I’ve also been a food waste distributor for OLIO in Poplar since November last year and I’ve volunteered as a litter picker in Limehouse Basin for Moo Canoes. Through OLIO, I solely manage the redistribution of supermarket food that would otherwise be thrown away, ensuring as much of it as possible gets into the hands of less well off families in my local community.

Omar Al-Amin, Business Development Manager

I have volunteered at different stages of my life, and with different charities or projects in different sectors. The one common aspect that cuts through all of the volunteering I’ve done, is the chance to meet new people – the charity or project staff, the other volunteers, the end users / customers, – and the chance to see new places. It usually involves some form of (light) exercise, the chance to be outdoors and to learn new things. In other words, it’s a chance to feel connected. An increasingly rare feeling in the modern world.

Kieran Picton, Relationship Coordinator

London Friend is a charity who support vulnerable members of the LGBT community. I got involved in volunteering for them because I wanted to help people in an immediate sense, to assist those going through a difficult time to understand their situation and improve their self-worth. When the pandemic started my volunteering changed to checking in with members by phone call every week.

Some of the people I speak to suffer from complex PTSD and don’t leave their homes for some weeks, so I might be their only real human interaction.

It’s helped people to feel less alone; they tell me knowing they have someone checking in with them each week gives them something to look forward to. I feel like what I’m doing isn’t significant, but when I’m told things like this, it makes me realise what seems small to me can make a world of difference to someone else. To know I’ve made a positive impact in one person’s life makes it fulfilling for me.

 

Liz Clarke, Relationship Manager

When I first moved to London, I volunteered in my lunchtime at the Chinese Community Centre in Soho. I would help elderly people at a smartphone workshop and assist them with their use of their touch screen phones, particularly using WhatsApp and Facebook Messenger. It highlighted to me the importance of digital inclusion and accessibility, which has become even more important through the pandemic and in a world where we are now often faced with using QR codes (the barcode you might see on a menu, for example). It was rewarding to help people reach out to their families overseas who they had not been able to see or speak to for a long time. I also got to hear the stories behind the connections they wanted to make and the people they wanted to speak to. This was a special way to spend my lunchtimes.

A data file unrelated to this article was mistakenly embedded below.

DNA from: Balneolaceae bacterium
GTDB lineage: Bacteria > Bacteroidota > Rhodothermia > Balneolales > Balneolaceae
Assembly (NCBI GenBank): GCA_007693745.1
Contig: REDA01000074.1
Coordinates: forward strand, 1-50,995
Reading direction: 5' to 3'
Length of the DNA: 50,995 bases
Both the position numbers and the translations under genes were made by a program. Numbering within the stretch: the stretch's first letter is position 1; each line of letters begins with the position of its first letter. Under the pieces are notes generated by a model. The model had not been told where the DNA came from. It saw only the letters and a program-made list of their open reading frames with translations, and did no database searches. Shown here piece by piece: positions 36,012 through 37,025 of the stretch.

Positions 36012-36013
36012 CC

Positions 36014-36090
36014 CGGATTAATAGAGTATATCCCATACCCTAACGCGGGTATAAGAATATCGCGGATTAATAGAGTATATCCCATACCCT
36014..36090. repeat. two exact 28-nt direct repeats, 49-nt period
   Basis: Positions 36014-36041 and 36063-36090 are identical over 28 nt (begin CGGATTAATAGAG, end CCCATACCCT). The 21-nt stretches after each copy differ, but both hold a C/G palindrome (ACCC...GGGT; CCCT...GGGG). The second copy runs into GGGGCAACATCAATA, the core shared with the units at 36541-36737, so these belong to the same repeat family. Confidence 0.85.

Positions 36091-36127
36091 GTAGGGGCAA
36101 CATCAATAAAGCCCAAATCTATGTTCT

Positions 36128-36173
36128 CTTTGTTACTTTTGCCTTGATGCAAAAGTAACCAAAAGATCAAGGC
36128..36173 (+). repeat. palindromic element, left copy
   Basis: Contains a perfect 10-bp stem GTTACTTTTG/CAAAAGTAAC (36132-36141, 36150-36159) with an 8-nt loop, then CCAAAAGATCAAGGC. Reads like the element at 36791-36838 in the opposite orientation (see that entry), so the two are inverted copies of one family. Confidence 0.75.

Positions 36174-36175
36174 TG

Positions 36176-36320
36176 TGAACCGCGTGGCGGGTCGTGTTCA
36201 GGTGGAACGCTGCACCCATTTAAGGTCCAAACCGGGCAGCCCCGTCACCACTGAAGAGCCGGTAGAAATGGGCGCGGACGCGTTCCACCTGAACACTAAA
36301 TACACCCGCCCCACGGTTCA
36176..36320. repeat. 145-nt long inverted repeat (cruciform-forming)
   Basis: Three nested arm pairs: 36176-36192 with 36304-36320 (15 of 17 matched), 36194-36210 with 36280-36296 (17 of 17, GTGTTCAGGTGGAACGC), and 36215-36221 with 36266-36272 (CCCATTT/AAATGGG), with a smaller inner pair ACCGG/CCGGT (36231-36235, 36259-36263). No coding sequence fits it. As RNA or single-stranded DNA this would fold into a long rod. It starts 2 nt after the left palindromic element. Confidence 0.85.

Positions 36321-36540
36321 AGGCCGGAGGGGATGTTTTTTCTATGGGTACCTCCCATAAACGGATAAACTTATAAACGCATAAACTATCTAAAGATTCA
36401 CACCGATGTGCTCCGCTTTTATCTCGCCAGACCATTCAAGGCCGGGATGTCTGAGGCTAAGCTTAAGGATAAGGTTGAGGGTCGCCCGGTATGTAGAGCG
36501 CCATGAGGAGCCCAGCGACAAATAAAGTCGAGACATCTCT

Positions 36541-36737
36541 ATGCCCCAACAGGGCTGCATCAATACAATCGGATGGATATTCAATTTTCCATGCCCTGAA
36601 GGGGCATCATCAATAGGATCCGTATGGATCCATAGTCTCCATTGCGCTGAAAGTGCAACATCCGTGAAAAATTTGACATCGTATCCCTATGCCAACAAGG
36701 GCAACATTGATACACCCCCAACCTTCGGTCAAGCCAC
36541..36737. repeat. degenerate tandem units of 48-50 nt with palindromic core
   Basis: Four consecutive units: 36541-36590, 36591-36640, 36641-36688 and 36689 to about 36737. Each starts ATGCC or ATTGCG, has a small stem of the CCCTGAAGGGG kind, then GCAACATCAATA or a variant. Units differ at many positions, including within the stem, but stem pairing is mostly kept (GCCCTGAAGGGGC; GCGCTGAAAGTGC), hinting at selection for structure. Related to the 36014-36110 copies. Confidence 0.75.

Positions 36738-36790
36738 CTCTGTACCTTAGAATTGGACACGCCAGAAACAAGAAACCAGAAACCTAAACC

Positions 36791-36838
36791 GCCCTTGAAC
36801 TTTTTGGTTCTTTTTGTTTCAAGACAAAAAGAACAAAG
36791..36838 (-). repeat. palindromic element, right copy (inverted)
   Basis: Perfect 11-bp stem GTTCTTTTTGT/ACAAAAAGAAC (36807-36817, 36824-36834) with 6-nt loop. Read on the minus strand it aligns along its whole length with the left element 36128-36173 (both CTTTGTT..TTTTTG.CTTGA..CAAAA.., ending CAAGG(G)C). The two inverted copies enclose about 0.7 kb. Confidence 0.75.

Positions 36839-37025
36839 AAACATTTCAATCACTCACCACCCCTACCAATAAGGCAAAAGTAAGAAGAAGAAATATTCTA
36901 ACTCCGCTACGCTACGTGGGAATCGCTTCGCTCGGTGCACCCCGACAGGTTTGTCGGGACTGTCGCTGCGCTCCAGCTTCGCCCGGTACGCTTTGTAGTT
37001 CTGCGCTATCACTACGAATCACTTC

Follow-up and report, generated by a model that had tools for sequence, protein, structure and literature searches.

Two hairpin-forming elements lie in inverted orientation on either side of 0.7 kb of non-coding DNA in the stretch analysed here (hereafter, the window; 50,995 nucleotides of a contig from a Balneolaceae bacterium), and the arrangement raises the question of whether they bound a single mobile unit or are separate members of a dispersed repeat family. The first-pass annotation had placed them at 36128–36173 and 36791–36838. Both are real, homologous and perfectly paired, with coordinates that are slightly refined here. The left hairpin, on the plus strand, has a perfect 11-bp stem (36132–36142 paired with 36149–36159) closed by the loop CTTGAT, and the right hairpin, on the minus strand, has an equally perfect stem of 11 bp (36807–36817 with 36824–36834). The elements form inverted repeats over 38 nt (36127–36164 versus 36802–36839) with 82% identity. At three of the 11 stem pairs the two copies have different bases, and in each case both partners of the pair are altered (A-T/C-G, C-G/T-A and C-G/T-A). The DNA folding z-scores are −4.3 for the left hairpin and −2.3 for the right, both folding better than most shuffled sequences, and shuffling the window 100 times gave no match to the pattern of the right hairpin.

Patrick Harrison, Business Development Associate

I volunteer for my wife Sue’s forest school business, Branching Out-woods, mainly at a primary school in Braintree.

The theory of forest school is that the children choose what to do in the woodland, and the leaders assist them to do those things, which might be den making, craft, cooking, rope stuff, or almost anything in their imagination. There is a big role for risk taking and fires which the children learn to make for themselves. It sounds hippy-ish but the evidence is that it really helps a child’s development (and the adults! – it’s so hard not to give the answer but let the child take (managed) risks and learn from their mistakes). We do see the children change in a few weeks!

After week three of the six allotted sessions we see the children relax into it and make the time their own. When we ask them if they would like to see anything changed, the response is “No, this is our time to do what we want”. It seems many children have so much of their life structured and directed.

Keep up with our #10Years celebration where we’re highlighting the stories of our guardians, property owners, the voluntary organisations our guardians give their time to, and the Dot Dot Dot team.

Spotlight on: Helen, our beekeeping guardian in Letchworth Garden City

July 30, 2021